Listening in Evangelism

by Mark Slaughter

When we think about evangelism, we usually think of talking. After all, the word evangelize means to “announce good news.” So naturally, we focus our training upon proclaiming, communicating, defending, or sharing the good news message… as we should.

But, listening is often a neglected skill in evangelism.

I recall an evangelism trainer saying, “God gave us two ears and one mouth, and we should take the hint!” If we listened twice as much as we spoke, our words might connect more deeply with people’s souls.

Effective evangelism begins with listening – listening to God and listening to others.

Listening to God

Rick Richardson, author of Reimagining Evangelism, has called this “dual channel listening.” We listen to God as we listen to people. We listen for where the Holy Spirit is already at work in another person, and then listen for those gentle Spirit-led whispers and promptings. That’s collaborating with God who is already working in our friends’ lives!

In describing himself as the Great Shepherd, Jesus said that “his sheep follow him because they know his voice” (John 10:4). Over time, we can increasingly distinguish Jesus’ voice over others inside us.

Listening to People

One of the greatest gifts we can give someone is being fully present in the moment! Giving a person our full attention — free from distractions — communicates genuine love, respect, dignity, and value.

Jesus himself was a great listener. In his conversation with a Samaritan woman in John 4, she spoke four times more than Jesus did!

In his newly-released book, Listening Well: The Art of Empathetic Understanding, William R. Miller writes:

It matters not only what you say but how you say it… What will keep you on the right track is the mindset and the heart-set beneath your listening… When you listen with curiosity, compassion, patience, and a genuine desire to understand, you’re unlikely to stray from the path.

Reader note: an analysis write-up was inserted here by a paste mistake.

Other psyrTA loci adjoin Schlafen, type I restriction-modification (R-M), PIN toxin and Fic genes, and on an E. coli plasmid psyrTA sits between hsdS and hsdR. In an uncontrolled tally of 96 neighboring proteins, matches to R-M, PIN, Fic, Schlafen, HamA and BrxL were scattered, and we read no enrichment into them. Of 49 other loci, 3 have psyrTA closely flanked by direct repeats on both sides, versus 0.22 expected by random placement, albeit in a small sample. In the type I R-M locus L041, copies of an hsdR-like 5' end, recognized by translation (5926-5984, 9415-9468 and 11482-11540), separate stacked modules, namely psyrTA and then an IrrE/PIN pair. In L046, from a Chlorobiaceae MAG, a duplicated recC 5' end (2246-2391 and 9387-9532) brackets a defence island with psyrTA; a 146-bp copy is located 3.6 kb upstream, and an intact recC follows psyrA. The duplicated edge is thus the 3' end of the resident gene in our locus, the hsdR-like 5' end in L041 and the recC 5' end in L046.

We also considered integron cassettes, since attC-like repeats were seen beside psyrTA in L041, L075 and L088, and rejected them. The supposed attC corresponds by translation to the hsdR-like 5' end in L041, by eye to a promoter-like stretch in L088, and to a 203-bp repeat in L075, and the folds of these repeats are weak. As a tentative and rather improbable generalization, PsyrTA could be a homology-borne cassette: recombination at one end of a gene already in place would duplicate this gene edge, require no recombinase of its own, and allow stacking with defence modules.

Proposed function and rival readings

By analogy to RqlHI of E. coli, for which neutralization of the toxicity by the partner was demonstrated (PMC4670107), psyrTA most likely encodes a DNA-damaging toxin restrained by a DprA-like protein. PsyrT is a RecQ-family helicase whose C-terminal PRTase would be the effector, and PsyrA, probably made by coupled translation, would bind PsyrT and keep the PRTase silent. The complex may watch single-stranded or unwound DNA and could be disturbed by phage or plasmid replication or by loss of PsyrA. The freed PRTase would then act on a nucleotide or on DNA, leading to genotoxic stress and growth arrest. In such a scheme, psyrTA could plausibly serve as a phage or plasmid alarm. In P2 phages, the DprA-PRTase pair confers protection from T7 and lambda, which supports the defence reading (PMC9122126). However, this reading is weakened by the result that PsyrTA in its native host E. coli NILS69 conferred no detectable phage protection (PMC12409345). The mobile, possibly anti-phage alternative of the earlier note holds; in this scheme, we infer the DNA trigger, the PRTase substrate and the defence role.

It is easy for us to hear someone without listening. We may hear the facts, but miss the underlying feelings.  Consequently, we fall into traps as we think or speak by trying to fix their problems, focusing on ourselves and our experiences, acting superior, or giving simplistic responses. Instead, people first often simply want us to empathize with them.  Even being skilled at asking good questions is different than active listening.

As Leighton Ford has said, “Listening is ‘hospitality’–making space for the guest of honor!”

So, how do we listen to people in evangelism?

  1. Listen for clues of God at work. Notice issues they are facing. Underneath loneliness, fear, insecurity, anger, and doubts are often deeper longings for security, love, belonging, justice, or meaning and purpose.
  2. Pay attention to pain. Tears, a pause, or a hesitation often indicate something stirring deeply within their souls. It’s a sacred space. Honor it!
  3. Respond with reflective listening. Making an empathetic comment (“That sounds really difficult.”) and asking questions about what it was like for them builds trust and often opens a person to deeper levels of sharing. It shows that we are taking them seriously, like God does.
  4. Connect their pain and longings with Jesus. I like asking people where they look for the power to change or deal with something, or I may ask them, “Have you ever considered how God could address that issue?” As the Holy Spirit leads, often I can share a story from my own life or a friend’s life illustrating how active faith in Jesus made a difference. Or, I may share a story from Jesus where he dealt with someone facing that issue, and lead to the hope we have in the gospel.

Let’s use both our ears and our mouths in communicating the good news found in Jesus Christ!

 

Mark Slaughter (@MarkASlaughter) is an InterVarsity evangelist and national facilitator of Emerging Generations for the Mission America Coalition. He is a former pastor who is passionate about empowering the next generation of evangelism leaders and raising the evangelism temperature. Learn more: markslaughter.org.